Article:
Multi-arity Functions

Functions in Clojure can have multiple arities, or sets of arguments:

(require '[clojure.math :as math])
(defn tax-amount
     (tax-amount amount 35))
  ([amount rate]
     (math/round (double (* amount (/ rate 100))))))

In the example above, the version of the function that takes only one argument (so called one-arity or 1-arity function) calls another version (2-arity) with a default parameter. This is a common use case for multiple arities: to have default argument values. Clojure is a hosted language and JVM (and JavaScript VMs, for that matter) does not support default argument values, however, it does support method overloading and Clojure takes advantage of this.

Arities in Clojure can only differ by the number of arguments, not types. This is because Clojure is a strongly dynamically typed language and type information about parameters may or may not be available to the compiler.

A larger example:

(defn my-range
    (my-range 0 Double/POSITIVE_INFINITY 1))
    (my-range 0 end 1))
  ([start end]
    (my-range start end 1))
  ([start end step]
    (comment Omitted for clarity)))

Destructuring of Function Arguments

Sometimes function arguments are data structures: vectors, sequences, maps. To access parts of such data structure, you may do something like this:

(defn currency-of
  (let [currency (get m :currency)]

For vector arguments:

(defn currency-of
  (let [amount   (first  pair)
        currency (second pair)]

However, this is boilerplate code that has little to do with what the function really does. Clojure lets developer destructure parts of arguments, for both maps and sequences.

Positional Destructuring

Destructuring over vectors (positional destructuring) works like this: you replace the argument with a vector that has "placeholders" (symbols) in positions you want to bind. For example, if the argument is known to be a pair and you need second argument, it would look like this:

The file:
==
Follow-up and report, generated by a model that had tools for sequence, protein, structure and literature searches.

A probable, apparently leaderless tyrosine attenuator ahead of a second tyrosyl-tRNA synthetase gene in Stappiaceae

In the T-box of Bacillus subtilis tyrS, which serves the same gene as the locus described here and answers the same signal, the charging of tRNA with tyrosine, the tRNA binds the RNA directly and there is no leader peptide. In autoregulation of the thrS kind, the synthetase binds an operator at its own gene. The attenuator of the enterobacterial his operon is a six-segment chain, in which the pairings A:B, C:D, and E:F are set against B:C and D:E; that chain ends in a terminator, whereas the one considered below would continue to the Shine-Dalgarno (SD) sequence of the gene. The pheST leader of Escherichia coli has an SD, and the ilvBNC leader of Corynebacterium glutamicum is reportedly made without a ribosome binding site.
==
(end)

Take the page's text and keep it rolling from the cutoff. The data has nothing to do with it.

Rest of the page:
(defn currency-of
  [[amount currency]]

In the example above the first element in the pair is bound to amount and the second one is bound to currency. So far so good. However, notice that we do not use the amount local. In that case, we can ignore it by replacing it with an underscore:

(defn currency-of
  [[_ currency]]

Destructuring can nest (destructure deeper than one level):

(defn first-first
  [[[i _] _]]

While this article does not cover let and locals, it is worth demonstrating that positional destructuring works exactly the same way for let bindings:

(let [pair         [10 :gbp]
      [_ currency] pair]

Map Destructuring

Destructuring over maps and records (map destructuring) works slightly differently:

(defn currency-of
  [{currency :currency}]

In this case example, we want to bind the value for key :currency to currency. Keys don't have to be keywords:

(defn currency-of
  [{currency "currency"}]
(defn currency-of
  [{currency 'currency}]

When destructuring multiple keys at once, it is more convenient to use a slightly different syntax:

(defn currency-of
  [{:keys [currency amount]}]

The example above assumes that map keys will be keywords and we are interested in two values: currency and amount. The same can be done for strings:

(defn currency-of
  [{:strs [currency amount]}]

and symbols:

(defn currency-of
  [{:syms [currency amount]}]

In practice, keywords are very commonly used for map keys so destructuring with {:keys [...]} is very common as well.

Map destructuring also lets us specify default values for keys that may be missing:

(defn currency-of
  [{:keys [currency amount] :or {currency :gbp}}]

This is very commonly used for implementing functions that take "extra options" (faking named arguments support).

Just like with positional destructuring, map destructuring works exactly the same way for let bindings:

(let [money               {:currency :gbp :amount 10}
     {currency :currency} money]

Variadic Functions

Variadic functions are functions that take varying number of arguments (some arguments are optional). Two examples of such function in clojure.core are clojure.core/str and clojure.core/format:

(str "a" "b")
; ⇒ "ab"
(str "a" "b" "c")
; ⇒ "abc"
(format "Hello, %s" "world")
; ⇒ "Hello, world"
(format "Hello, %s %s" "Clojure" "world")
; ⇒ "Hello, Clojure world"